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The CityQ Car-eBike, the Indecisive Electric Bike With Car Functionality
Bicycle sales have skyrocketed in 2020 but whether many of these new owners will still be riding them when the cold season starts is an entirely different matter altogether. They would if they had a Car-eBike from CityQ.

The CityQ Car-eBike, the Indecisive Electric Bike With Car Functionality

The CityQ Car-eBike is the indecisive electric bicycle that dreams of being a carThe CityQ Car-eBike is the indecisive electric bicycle that dreams of being a carThe CityQ Car-eBike is the indecisive electric bicycle that dreams of being a carThe CityQ Car-eBike is the indecisive electric bicycle that dreams of being a carThe CityQ Car-eBike is the indecisive electric bicycle that dreams of being a carThe CityQ Car-eBike is the indecisive electric bicycle that dreams of being a carThe CityQ Car-eBike is the indecisive electric bicycle that dreams of being a carThe CityQ Car-eBike is the indecisive electric bicycle that dreams of being a car
At least, that’s what CityQ is hoping. Figures cited by the company show that an estimated seventy percent of cyclists hang up their wheels when the frost and heavy rains start, which means they’re left stranded for transport. A car could be a solution, but so would a fully enclosed, cargo bike: an electric bike with the functionality (but not the size or the associated costs) of a car.

Enter the Car-eBike, whose name really says it all. Meant to be a frontrunner of an expected wave of weather-protected bicycles, for which demand is apparently on the rise, it’s a four-wheel bike that resembles a car, in that it offers protection from the elements and some space in the back. It comes with a window and a roof, and semi-rotating doors that can be either semi- or fully-enclosed.

This way, this indecisive e-bike slash car aims to offer the best of both worlds: the clear conscience and minuscule expense of owning and riding a bike, with part of the functionality of a car. Like similar offers, this one too could be best described as cute.

“Imagine cycling whenever you want despite the weather, traffic or luggage limitations,” CityQ says. “Imagine transporting your dear ones safely, your children, your bags and don't forget the doggy. Not having to use the car or public transport going to the shop or gym, also being able to get to work, around the city or to the beach. All of that without having to worry about parking, driving license or rainy days.”

This sounds almost too enticing. So what does CityQ bring to the table?

You have to pedal this Car-eBike in order to move around, which means it’s still technically a bicycle. However, it doesn’t have a chain or mechanical gears: much like electric cars, it uses a software-managed drivetrain, which allows programming a number of riding modes, and it comes with cruise control, reverse, heavy cargo, automatic gearing or regenerating brakes, depending on the current needs.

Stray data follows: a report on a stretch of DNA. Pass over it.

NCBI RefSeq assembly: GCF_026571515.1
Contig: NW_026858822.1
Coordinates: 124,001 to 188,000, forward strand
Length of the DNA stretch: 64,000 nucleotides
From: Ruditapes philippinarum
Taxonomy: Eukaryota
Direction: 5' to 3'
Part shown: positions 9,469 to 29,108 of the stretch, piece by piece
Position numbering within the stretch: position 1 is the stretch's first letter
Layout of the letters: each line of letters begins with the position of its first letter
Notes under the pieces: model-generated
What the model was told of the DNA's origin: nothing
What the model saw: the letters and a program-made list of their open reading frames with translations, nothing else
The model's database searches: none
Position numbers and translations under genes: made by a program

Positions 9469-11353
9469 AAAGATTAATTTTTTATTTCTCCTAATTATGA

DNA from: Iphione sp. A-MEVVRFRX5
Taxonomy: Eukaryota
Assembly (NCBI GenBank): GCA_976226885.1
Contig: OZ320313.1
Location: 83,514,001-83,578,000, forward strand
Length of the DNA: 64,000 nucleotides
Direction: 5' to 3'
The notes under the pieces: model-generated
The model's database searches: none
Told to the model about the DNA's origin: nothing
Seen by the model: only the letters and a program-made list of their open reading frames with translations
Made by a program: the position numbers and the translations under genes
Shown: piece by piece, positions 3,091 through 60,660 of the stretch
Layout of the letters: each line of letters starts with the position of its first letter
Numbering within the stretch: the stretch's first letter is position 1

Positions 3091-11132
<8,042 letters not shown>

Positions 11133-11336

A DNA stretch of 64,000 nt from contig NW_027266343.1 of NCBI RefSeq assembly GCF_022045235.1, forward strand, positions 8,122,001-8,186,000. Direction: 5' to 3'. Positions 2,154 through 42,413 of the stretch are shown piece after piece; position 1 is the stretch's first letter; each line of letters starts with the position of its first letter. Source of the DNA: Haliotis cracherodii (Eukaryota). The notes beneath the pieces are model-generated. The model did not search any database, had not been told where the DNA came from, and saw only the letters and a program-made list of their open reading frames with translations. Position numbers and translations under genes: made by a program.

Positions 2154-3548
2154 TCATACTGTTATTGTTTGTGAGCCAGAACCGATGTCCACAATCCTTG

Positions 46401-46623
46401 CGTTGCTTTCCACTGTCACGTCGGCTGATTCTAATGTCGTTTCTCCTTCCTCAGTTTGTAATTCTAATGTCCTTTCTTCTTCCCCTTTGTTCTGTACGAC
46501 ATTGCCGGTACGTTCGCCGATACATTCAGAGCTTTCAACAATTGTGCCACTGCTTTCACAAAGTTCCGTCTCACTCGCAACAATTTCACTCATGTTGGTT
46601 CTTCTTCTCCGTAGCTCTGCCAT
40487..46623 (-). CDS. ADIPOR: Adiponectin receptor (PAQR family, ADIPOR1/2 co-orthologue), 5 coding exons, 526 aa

Unlike other e-bikes, it doesn’t have a throttle-only mode. It seems to have been made redundant by the wide range of riding modes.

Powered by a 250W motor to comply with EU regulations, it has a top speed of 25 kph (15.5 mph) and a range of 70 to 100 km (43 to 62 miles) using a dual battery pack. CityQ says it’s compliant with European regulations for e-bikes and 3-4 wheel cargo e-bikes, which means you can ride it on dedicated bicycle paths and trails, where these are available. However, in a city with a less developed bike infrastructure, it would mean riding it on the street, in regular traffic.

The Car-eBike weighs 70 kg (154 pounds), so good luck trying to get it up the stairs to your apartment if you don’t have a garage to keep it in. On the bright side, it comes with Bluetooth connectivity and pairs with a dedicated app, so you can trace it and lock / unlock it, so you could leave it outside. In theory, at the very least.

“CityQ is an ebike with the comfort and technology of a car and with the benefits of a bicycle. You can cycle two children and luggage door to door without having to worry about bad weather, car traffic or parking issues,” founder Morten Rynning says in a press release.

The CityQ is now available for pre-order: a €99 ($111) deposit will reserve one for you, but there’s no mention of a delivery date or MRSP. Reports online say you could be looking at a €6,000 ($6,727) bill at the end, which brings it on equal footing with a very high-end e-bike – or a low-cost actual car.

Still, interest in it ranks pretty high: according to the company, more than 500 people have already reserved their own Car-eBike and the company is in talks for fleets for cargo transport in Scandinavia and the UK.



Editor's note: This article was not sponsored or supported by a third-party.

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